The problem is that software development, in almost all cases, contains a good portion of unplanned work. Sometimes you just don't count it as such. It's easy to see a delayed project as just under-estimated, but most of the time the problem isn't with how you're estimating, but with what you're estimating. Unless your development projects are completely repetitive (constantly developing the same product over and over) they'll have a high degree of uncertainty built into them, owing to using new tools, tackling new problems and so on. You start off with a great work-plan, but after two days you realize that the library you were going to use isn't really supported by the target platform, and now you have to find an alternative, or, heaven forbid, develop something on your own. Those are the real kickers - the things you just didn't count at all during planning.

So how do we estimate, given all this unavoidable unplanned work?

The whole idea of doing only what you planned on doing, with minimal unplanned work, is just not in the cards for most R&D teams. Obviously. That's why agile is so popular. You can try to minimize unplanned work, to some degree, but in the end your projects' schedules are always going to be dominated by the unplanned stuff. Once you realize that unplanned work is your bread and butter, you can now adapt your project management methods to handle it better:

  • Drill down and plan your iterations in detail. It doesn't take a lot of time, if you have a decent PM tool. Break things down to hour-sized tasks, where applicable. This will flush out a lot of the "unplanned" stuff.
  • Prioritize the risky stuff. When you break things down to small pieces, you immediately see where your uncertainty lies. It's in those tasks that you don't really know how to break down further, and that you're not really sure about how long they'll take at all. Start from those, if possible. This way your estimate will still be off, but it'll stabilize significantly as your iteration progresses. You won't find yourself at the last couple of days of the iteration suddenly realizing you need 10 more days to finish what you started.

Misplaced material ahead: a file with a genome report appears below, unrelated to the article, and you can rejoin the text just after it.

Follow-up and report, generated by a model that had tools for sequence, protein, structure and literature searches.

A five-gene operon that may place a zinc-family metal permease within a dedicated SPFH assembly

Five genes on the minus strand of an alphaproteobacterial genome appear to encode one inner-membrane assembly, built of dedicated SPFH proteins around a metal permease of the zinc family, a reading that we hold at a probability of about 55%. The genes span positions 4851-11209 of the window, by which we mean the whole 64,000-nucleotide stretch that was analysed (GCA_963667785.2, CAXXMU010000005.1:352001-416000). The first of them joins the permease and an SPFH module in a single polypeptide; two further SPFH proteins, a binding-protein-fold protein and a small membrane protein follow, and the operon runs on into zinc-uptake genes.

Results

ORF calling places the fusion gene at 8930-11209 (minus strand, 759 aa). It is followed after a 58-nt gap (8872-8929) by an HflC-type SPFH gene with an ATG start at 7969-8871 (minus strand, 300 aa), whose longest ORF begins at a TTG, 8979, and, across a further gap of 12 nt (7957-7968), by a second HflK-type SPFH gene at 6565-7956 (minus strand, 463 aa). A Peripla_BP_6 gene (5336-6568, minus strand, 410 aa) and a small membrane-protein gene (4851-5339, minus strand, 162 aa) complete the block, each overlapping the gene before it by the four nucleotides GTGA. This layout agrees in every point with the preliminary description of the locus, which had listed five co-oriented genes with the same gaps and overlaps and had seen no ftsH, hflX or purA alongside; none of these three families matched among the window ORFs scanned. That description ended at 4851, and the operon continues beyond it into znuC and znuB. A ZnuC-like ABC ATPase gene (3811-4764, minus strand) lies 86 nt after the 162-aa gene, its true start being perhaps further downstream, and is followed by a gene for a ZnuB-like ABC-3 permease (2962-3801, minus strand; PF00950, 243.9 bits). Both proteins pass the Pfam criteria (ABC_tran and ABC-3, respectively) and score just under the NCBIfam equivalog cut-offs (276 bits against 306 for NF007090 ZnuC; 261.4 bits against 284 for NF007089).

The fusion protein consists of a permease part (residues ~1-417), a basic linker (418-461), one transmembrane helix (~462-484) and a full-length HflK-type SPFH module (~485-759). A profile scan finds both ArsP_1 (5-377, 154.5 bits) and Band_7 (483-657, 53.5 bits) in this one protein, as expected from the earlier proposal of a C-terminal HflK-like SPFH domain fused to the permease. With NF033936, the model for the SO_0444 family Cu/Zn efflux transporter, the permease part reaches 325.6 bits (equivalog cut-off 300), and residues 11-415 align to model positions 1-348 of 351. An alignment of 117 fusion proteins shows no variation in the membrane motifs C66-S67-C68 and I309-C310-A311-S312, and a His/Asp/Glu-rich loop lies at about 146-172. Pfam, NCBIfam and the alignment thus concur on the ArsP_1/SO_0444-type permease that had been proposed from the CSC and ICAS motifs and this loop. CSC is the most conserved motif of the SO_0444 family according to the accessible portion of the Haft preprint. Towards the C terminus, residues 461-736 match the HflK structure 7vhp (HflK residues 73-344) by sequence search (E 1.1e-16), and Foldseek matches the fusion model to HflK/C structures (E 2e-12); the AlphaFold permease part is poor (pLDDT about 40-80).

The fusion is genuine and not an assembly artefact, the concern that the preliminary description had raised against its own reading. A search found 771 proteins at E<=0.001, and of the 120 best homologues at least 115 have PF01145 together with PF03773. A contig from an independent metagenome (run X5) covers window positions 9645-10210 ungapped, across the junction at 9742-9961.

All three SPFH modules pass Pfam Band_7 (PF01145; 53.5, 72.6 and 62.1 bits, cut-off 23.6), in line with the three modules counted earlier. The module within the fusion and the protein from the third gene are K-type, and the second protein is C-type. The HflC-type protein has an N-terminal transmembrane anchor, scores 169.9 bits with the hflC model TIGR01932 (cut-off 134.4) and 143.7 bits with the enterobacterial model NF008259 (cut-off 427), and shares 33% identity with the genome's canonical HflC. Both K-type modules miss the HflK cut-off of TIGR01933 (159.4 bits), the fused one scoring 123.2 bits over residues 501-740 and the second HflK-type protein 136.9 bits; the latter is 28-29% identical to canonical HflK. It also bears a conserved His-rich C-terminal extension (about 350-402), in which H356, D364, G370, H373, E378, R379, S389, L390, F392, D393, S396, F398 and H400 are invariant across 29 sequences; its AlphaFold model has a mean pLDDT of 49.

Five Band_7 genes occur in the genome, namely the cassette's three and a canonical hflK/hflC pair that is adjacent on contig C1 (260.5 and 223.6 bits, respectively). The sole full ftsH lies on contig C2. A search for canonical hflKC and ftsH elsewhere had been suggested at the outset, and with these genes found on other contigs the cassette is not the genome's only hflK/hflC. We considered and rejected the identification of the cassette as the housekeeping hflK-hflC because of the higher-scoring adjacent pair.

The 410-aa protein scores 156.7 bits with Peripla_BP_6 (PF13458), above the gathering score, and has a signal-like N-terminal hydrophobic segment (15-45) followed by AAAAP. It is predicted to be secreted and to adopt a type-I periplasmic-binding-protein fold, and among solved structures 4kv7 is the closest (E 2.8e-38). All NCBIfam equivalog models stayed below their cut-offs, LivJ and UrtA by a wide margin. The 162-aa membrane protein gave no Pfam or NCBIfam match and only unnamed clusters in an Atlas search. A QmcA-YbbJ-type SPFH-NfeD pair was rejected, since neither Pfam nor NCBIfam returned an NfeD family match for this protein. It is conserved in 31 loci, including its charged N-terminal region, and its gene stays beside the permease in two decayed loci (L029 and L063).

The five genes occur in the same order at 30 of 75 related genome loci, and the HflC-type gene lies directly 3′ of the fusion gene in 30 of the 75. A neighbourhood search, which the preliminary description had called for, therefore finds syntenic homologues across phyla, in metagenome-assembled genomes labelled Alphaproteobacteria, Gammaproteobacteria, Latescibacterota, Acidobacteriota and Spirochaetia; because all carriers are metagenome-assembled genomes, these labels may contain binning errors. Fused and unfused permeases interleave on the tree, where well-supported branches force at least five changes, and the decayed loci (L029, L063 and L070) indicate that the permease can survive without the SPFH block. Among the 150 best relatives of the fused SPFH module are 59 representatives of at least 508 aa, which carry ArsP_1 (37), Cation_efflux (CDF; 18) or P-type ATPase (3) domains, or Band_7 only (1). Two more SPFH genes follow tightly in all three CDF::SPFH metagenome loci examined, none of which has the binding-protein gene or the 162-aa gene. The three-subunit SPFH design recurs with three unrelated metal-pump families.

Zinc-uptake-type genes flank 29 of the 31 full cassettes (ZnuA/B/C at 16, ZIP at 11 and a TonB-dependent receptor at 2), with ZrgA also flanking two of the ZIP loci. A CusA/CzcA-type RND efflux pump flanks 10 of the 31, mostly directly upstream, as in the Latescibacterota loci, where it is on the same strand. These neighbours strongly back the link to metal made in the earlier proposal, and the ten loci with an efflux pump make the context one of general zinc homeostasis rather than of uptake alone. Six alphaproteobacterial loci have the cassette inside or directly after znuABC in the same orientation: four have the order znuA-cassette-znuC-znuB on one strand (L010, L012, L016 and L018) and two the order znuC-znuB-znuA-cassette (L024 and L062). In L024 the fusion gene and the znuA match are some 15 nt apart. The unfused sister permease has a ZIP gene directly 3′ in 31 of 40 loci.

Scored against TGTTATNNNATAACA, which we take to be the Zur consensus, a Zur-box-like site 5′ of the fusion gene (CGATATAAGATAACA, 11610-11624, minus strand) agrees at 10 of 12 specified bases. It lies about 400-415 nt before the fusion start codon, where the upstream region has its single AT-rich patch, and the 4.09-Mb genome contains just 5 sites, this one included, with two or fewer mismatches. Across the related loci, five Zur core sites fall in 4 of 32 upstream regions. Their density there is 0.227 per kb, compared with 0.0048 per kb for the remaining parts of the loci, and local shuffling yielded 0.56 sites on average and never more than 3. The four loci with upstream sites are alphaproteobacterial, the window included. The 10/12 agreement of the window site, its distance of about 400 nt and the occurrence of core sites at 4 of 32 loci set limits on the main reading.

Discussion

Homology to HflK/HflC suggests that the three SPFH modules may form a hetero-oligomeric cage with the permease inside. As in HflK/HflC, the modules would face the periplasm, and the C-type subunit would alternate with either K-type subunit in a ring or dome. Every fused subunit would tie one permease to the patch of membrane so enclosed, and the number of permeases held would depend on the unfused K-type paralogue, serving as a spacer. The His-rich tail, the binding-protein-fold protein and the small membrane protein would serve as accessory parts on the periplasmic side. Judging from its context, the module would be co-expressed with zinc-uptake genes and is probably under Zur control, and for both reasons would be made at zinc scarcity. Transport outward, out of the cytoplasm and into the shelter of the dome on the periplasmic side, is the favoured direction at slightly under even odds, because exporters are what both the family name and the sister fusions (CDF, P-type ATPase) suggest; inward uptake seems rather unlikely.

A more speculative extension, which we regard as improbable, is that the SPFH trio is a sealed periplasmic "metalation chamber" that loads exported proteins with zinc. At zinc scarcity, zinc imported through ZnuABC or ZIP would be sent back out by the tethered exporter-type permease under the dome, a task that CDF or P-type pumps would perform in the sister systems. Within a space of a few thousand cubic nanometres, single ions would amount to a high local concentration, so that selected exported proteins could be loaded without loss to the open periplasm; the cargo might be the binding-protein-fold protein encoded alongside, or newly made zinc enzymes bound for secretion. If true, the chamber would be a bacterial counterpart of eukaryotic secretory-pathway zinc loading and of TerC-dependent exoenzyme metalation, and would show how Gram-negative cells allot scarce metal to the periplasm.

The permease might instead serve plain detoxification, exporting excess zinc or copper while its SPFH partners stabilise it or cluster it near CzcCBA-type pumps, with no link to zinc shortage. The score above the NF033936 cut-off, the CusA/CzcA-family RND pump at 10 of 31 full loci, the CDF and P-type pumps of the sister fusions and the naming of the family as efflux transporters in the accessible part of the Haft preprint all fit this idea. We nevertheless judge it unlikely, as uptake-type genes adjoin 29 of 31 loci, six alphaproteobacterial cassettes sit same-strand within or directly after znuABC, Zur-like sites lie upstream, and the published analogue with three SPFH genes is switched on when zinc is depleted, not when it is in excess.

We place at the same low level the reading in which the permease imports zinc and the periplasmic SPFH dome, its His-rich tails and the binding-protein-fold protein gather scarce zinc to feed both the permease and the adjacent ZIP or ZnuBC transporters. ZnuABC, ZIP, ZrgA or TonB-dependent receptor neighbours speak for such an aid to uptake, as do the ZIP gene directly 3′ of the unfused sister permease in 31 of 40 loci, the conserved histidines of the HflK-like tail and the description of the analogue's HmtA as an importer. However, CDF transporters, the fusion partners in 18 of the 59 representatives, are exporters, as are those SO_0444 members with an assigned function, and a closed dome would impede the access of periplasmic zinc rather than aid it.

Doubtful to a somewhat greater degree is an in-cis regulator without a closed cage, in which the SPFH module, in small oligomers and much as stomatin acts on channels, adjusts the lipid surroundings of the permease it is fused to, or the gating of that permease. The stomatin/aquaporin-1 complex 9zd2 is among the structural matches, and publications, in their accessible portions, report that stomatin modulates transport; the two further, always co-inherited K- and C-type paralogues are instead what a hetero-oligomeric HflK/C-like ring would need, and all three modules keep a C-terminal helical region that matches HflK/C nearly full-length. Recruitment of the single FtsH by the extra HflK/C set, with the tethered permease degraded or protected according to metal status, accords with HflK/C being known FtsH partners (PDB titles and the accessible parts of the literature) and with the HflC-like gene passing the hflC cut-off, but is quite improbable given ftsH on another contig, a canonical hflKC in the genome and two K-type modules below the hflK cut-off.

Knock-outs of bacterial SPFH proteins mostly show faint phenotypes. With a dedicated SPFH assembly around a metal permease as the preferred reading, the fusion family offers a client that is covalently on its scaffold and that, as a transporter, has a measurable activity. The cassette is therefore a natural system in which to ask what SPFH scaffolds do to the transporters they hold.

• Negotiate with the project/product managers to work on the most common external source of unplanned work. e.g. would better documentation save your engineers a lot time explaining stuff to field engineers or customers? Then demand to allocate time for this as part of the development effort.
  • 2
    If i didn't know any better, I would have said you had a secret camera in our office.
    – 3urdoch
    Commented Apr 25, 2013 at 9:40

This is a very good question. We are in exactly the same boat as you in terms of our development team, the nature of our work, and the need to respond to support requests. In other words I can relate to how tricky it is to find this balance you seek.

Our solution - which is by no means perfect - has been to adopt a strict daily feedback cycle with our customers, which works as follows:

  1. Each morning, the project manager reviews pending support requests and discusses them with the team. The team then gets to work on the support request at the front of the queue (last in last out), whilst the project manager responds to the client to confirm what's being worked on that day.
  2. Each morning, if the previous day's support request is partially complete, and another support request comes in, this new support requests is added to the back of the queue of support requests. This must be explicitly communicated in the next morning's daily feedback email.
  3. Each morning, if there are no outstanding support request, the team gets to work on product development. If during the day a support request comes in, do not address it until the next morning. That way you do not interrupt your team, but at the same time, because you've created a daily feedback routine with your clients, they know to only expect your email the next morning.